map with a blue dot
My son was traveling back home yesterday, and I kept sending him texts asking “Where are you now?” In response, he sent me a map. It meant nothing to me (because I didn’t look at it closely). After he sent me a map again following a second “where are you now?” query, I typed, “What is this map supposed to be depicting?” No answer. Then a half hour later, I asked again, “Where are you?” A couple minutes later, after looking more closely at the map, I saw the dot. “Are you the big blue dot?” On this small map depicting part of the state of Florida, this child of mine was merely a dot on a highway leading home, a dot I easily overlooked. The incidents in our lives — such as sin or mistakes — are mere dots on a line of eternity. (Oh, and Adam wasn’t answering because he put his phone on airplane mode to save battery. He obviously thought the map sufficient communication for his mama.

I woke up this morning well before my alarm with a mistake on my mind. It wasn’t a sin, exactly, but it brought to mind a blog post about sin — and living beyond it. It was a post that I wrote a long time ago titled “A dot on the line of eternity…” Yesterday I made a mistake. It was an accident, an oversight in which I offended someone. I apologized, of course. I even asked forgiveness and received it, along with a smile and a sense of “normalcy” with that person. But despite my immediate action to make the situation right, I got caught in the emotional downward spiral of my error, intended or not. I thought this message about “not letting a dot define my life” — be it a sin of choice or a simple mistake — was a needed lesson and an appropriate one. In this Christmas season, I think it is good to remember that the whole of Christmas, the celebration of the birth of Christ, has its ultimate purpose and its end in God’s love and forgiveness. I need to treat a dot like a dot…

I heard that someone somewhere sinned, and my heart went out to that someone. (I speak in very general terms here to protect that someone’s identity.) Truly, I could just as easily say that everyone everywhere sinned. Having felt that pain (since I am clearly part of that everyone), my heart goes out with this message:

This sin, this spot, this blemish is just a dot on the line of eternity, which is your life. Don’t make it a defining moment.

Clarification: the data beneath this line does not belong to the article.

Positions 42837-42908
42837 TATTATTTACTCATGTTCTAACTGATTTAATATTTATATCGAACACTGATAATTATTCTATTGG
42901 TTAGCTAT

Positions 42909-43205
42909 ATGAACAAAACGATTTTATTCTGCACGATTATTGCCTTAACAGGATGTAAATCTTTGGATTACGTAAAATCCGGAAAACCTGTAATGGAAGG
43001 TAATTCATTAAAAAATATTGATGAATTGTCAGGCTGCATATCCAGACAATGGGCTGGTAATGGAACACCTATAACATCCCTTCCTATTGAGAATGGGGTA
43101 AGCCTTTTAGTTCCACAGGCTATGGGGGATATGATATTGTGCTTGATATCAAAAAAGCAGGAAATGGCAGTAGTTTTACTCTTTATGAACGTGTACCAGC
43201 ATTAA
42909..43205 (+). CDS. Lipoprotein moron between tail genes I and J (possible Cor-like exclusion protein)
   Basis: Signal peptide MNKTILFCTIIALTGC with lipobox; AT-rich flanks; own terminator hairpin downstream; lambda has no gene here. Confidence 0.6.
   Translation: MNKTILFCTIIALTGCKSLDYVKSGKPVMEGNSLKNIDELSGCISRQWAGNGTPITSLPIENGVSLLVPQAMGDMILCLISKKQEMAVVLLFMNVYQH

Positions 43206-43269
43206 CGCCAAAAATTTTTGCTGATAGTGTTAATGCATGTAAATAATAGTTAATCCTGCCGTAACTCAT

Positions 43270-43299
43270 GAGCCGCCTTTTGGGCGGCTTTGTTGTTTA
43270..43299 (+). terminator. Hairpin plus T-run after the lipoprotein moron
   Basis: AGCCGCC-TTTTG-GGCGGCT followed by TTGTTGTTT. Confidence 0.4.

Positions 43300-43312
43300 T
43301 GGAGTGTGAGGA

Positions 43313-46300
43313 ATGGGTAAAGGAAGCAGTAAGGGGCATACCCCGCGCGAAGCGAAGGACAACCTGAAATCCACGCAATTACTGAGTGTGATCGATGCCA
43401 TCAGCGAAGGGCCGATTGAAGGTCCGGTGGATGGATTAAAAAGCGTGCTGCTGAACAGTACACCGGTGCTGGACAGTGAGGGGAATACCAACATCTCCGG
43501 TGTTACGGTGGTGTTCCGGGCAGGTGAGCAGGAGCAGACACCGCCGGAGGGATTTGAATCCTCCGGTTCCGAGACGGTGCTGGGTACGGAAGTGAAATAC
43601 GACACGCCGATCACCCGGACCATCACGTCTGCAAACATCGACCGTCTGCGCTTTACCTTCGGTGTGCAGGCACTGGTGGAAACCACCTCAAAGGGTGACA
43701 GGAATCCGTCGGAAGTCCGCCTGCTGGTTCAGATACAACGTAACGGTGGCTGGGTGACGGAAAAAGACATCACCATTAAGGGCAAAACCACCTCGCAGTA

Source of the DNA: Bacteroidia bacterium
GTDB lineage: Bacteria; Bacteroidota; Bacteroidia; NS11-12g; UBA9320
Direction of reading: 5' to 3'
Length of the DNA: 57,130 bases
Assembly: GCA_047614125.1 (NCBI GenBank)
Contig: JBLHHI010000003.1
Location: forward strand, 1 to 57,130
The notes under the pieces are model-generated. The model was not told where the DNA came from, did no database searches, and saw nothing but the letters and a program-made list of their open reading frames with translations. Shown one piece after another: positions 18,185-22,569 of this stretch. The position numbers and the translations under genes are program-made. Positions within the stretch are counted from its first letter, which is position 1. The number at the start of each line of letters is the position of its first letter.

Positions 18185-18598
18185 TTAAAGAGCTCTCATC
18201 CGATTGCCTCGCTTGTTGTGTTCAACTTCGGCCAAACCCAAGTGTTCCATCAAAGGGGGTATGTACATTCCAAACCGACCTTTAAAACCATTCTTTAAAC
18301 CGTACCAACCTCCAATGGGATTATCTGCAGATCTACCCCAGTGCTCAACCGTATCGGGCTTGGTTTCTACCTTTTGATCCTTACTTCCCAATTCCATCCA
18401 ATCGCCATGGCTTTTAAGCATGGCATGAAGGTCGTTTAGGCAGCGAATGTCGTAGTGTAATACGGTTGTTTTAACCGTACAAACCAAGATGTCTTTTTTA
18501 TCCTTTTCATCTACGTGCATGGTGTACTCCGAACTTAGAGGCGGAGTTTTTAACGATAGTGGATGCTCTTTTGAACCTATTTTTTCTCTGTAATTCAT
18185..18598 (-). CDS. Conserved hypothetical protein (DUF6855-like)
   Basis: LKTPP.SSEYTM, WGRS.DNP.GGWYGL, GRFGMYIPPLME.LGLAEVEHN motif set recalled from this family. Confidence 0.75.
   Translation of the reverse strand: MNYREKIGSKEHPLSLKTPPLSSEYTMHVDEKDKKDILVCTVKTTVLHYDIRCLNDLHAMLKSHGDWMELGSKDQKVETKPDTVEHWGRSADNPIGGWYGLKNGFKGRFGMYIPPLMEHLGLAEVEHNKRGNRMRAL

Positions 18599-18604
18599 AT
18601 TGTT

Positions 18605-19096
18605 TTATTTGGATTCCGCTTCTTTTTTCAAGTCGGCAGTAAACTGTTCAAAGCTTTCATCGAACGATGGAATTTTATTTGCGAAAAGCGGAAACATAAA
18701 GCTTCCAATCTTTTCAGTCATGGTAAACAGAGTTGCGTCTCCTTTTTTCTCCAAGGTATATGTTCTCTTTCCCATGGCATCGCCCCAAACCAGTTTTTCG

Our sin doesn’t define who we are, though Satan would like to make us think so. He wants nothing more than for us to dwell on the sin — whether it is with regret, guilt, condemnation or an attempt to defend it — because that keeps us from moving on in the forgiveness and freedom we have in Christ.

The Bible says, that “there is now no condemnation for those who are in Christ Jesus, because through Christ Jesus the law of the Spirit who gives life has set you free from the law of sin and death” (Romans 8:1,2).

Can I hear a big “whew!”?

In church on Sunday, the speaker started his talk about our purpose in life with Acts 13:36, a rather obscure verse that starts like this, “Now when David had served God’s purpose in his own generation, he fell asleep…”

The speaker’s point was that God had a purpose for David, and He also has a purpose for us in our generation. But I took something else away. David wasn’t perfect. We remember him not only as the singing shepherd boy, the slingshot-wielding giant killer, the Psalm writer, and the dancing, victorious king but also as an adulterer and murderer. The story starting in 2 Samuel 11 tells how David seduced Bathsheba and then sent her husband Uriah to certain death in battle so she would be free to marry him.

To a girl who in her teen-age years believed that the “unforgivable sin” was sex outside of marriage (and that a birth control pill was an aspirin held between the knees, as explained by my father), David’s sex sin — and murder — was a big deal. A huge deal. And yet his sin, too, was a dot on the line of eternity (a well-publicized dot, mind you, but still a dot).

And while David did suffer consequences — true repentance followed by the death of the baby born as a product of the affair — he and his new wife, Bathsheba, later gave birth to another baby, Solomon, who then became the wisest king of Israel (though he, too, had women issues — if you consider 700 wives and 300 concubines an issue). David clearly wasn’t perfect, yet God made it clear that David had served His purpose.

Too often my sin, my failing is like a rough place on my fingernail. It seems to catch on everything — nicking clothing or running pantyhose. It’s just a tiny imperfection, but it has the power to do great damage. But if I just file it away or clip it off, it loses its power.

In the same way, we need to clip off the power of our sin. I John 1:9 says, “If we confess our sins, he is faithful and just and will forgive us our sins and purify us from all unrighteousness.” We are free from condemnation, free to walk in forgiveness, free to serve God’s purpose.

A popular book is titled Don’t Sweat the Small Stuff … and It’s All Small Stuff: Simple Ways to Keep the Little Things from Taking Over Your Life. That sin or failing is small stuff, just a dot on the line of eternity.

And from God’s perspective, it’s most likely a microscopic dot, not a defining moment.

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